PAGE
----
In meiner wissenschaftlichen Tätigkeit beschäftige ich mich mit dem Einfluss kontextueller Faktoren, wie das kulturelle und politische Umfeld, auf die internationalen Strategien multinationaler Unternehmen, wie internationale Unternehmenskäufe (M&As) und Gemeinschaftsunternehmen (Joint Ventures). Unten befindet sich eine Publikationsliste (mit einer dazugehörigen Zusammenfassung, auf Englisch).


Li., C. forthcoming. Cultural friction in international joint ventures: Whose cultural distance affects market reactions? Journal of Management.

“Two's company, three's a crowd.” Prior work has offered very valuable, but inconclusive findings on cultural distance's influence on international joint venture (IJV) success. This article draws on the cultural friction perspective to examine the performance implications of cultural distance in IJVs. In particular, I distinguish between the cultural distances between focal firm and partner firm, focal firm and IJV, and partner firm and IJV. I find that cultural distance between focal and partner firms negatively influences IJV success, while cultural distance between partner firm and IJV positively affects success.

​Meyer, K. E. & Li., C. forthcoming. The MNE and its subsidiaries at times of global disruptions: An international relations perspective, Global Strategy Journal.

“Long divided, must unite; long united, must divide.” The global economy has recently entered a period of disruptions that include reduced people mobility, divergent national regulatory institutions, and increased anti-globalization populism. We argue that these disruptions will not only create new operational challenges for global strategies and new needs for local adaptation, but may even challenge the legitimacy of global business models. We turn to political science for explanations and find that three paradigms of international relations offer contrarian predictions not only on the big disruptions, but also on the ability of MNEs to influence political processes driving the disruptions.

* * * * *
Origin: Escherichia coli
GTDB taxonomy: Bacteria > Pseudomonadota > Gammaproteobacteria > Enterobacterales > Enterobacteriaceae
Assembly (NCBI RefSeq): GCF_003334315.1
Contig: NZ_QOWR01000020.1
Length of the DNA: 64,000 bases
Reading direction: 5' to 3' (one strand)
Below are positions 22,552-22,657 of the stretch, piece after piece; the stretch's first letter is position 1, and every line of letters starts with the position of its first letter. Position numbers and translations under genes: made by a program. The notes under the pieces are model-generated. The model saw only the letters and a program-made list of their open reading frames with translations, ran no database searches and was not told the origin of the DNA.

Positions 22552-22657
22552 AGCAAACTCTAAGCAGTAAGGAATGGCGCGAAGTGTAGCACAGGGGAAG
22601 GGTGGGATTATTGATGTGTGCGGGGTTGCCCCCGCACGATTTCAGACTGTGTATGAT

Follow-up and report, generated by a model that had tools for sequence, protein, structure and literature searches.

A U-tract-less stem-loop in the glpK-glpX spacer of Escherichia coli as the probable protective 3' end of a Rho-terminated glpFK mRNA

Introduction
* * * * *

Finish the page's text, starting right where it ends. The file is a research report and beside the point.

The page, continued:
​Li., C., & Haleblian, J. 2022. The influence of nation-level institutions on acquisition premiums: A cross-country comparative study, Journal of Management, 48(8): 878–904.

“Overpaying in the iron cage.” In this article, we build on neo-institutional theory to examine the effect of nation-level institutions on domestic acquisitions. Specifically, we study in what way premiums are influenced through cognitive, normative, and regulatory forces. We theorize that prior premium decisions of industry peers, the cultural values uncertainty avoidance, future orientation, and in-group collectivism, and a country’s disclosure requirements influence premiums, and we find support for several of the hypotheses.

Li., C., & Gelfand, M. J. 2022. The influence of cultural tightness-looseness on cross-border acquisition performance, Journal of Economic Behavior & Organization, 195: 1–15.

“Culture is tight.” This article examines how differences in the strength of social norms—or tightness-looseness—across countries explain the performance of cross-border acquisitions. We find that a one standard deviation increase in tightness-looseness difference is associated with a decrease in acquirer’s average return on assets equivalent to 245 million US dollars in net income. We further document that this effect is particularly pronounced when the acquirer's country is tighter than that of the target, at greater levels of tightness, and in high-tech industries.